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Morris Kight, 83; Gay Rights Pioneer in the Southland

January 20, 2003|Nancy Wride | Times Staff Writer

For the last several decades, he made Los Angeles and later, Hollywood, his home. Always theatrical, Kight found his way to the spotlight quickly.

"Though he'd only become an activist two years earlier, by 1971 Morris Kight was omnipresent in Los Angeles' Gay Liberation Front," reported "Long Road to Freedom: The Advocate History of the Gay and Lesbian Movement," a 1994 chronicle published by the Advocate, the nation's largest gay newspaper.

"A political wheeler-dealer par excellence ... Kight had a genius for publicity," the Advocate reported. "Although some denounced him as a 'media freak,' he became an oft-quoted and much-photographed spokesman for gay liberation."

He lived frugally, supporting himself from the early 1950s on with proceeds of twice-yearly yard sales at which he sold restored antiques and collectibles.

For The Record
Los Angeles Times Wednesday January 22, 2003 Home Edition Main News Part A Page 2 National Desk 8 inches; 299 words Type of Material: Correction
Kight obituary -- The obituary of activist Morris Kight in Monday's California section stated he was a longtime member of the Los Angeles Human Rights Commission. In fact, he was on the Los Angeles County Human Relations Commission.

He claimed to be the first in the Los Angeles area to throw a yard sale. But with his slightly affected speaking style, he noted: "I sold brass, silver, china, silverware; I was great at weavings. I accumulated many dealers, and customers like Liberace, a gay pianist who was a great collector. I'd keep track of what they liked and when I got something I would call them up. And enough money came in from that to pay the lights, rent and gas and car travel. I didn't earn enough out of it to pay income taxes, so that was never an issue."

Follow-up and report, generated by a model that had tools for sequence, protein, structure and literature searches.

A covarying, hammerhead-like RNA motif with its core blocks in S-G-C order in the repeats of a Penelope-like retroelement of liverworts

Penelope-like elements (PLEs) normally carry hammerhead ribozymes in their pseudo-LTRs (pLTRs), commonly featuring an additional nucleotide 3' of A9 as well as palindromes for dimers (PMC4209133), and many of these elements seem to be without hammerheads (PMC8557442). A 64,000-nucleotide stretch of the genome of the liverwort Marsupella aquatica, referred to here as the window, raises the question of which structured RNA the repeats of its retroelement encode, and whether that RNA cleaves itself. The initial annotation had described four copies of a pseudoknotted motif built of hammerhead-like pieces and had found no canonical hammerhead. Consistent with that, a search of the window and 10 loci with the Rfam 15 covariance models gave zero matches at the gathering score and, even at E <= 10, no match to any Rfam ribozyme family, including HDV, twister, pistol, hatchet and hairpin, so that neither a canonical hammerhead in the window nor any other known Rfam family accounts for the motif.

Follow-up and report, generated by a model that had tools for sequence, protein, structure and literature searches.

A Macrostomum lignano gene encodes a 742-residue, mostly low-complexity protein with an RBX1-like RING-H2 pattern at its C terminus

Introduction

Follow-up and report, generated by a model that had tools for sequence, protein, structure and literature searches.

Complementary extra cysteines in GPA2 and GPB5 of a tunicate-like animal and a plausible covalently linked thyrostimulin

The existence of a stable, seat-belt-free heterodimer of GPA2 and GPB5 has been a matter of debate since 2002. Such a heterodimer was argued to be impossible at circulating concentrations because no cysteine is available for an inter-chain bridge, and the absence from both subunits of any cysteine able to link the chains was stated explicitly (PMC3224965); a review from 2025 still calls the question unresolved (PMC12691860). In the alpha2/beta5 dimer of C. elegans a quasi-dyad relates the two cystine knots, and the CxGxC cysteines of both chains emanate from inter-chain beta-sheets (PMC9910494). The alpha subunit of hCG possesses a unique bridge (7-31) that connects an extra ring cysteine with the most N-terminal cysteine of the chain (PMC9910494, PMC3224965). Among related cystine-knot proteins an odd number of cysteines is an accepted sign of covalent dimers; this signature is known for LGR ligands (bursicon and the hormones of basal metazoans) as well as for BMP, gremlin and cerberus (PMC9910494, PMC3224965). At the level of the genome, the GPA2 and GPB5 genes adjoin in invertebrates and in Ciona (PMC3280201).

Out of that eccentric income came the 3,000-piece Morris Kight Collection, a trove of fine art, art produced by gays and lesbians and collectibles such as political posters that chronicle the evolution of the homosexual rights movement. He recently arranged for the collection to be donated to the One Institute at USC.

What once was a rhythmic cadence in speaking was lost after Kight suffered a series of five strokes in nine years, which ultimately left him relying on a walker.

But physical challenges never slowed Kight for long.

"I've known Morris as long as I've been on the board of the organization, about five years," Sharon Donning, a leader of Christopher Street West, said in 1999.

"But I've known about him my whole life. I admire Morris because he's the one who got it all started in L.A. ... And we wouldn't be here without him, basically."

Kight is survived by his life partner of 25 years, Roy Zucheran; two daughters, Carol Kight of Claremont and Angela Bonin of Texas; two grandchildren; and two great-grandchildren.

A memorial service is scheduled at 1 p.m. Feb. 1 at Metropolitan Community Church, 8714 Santa Monica Blvd., West Hollywood.

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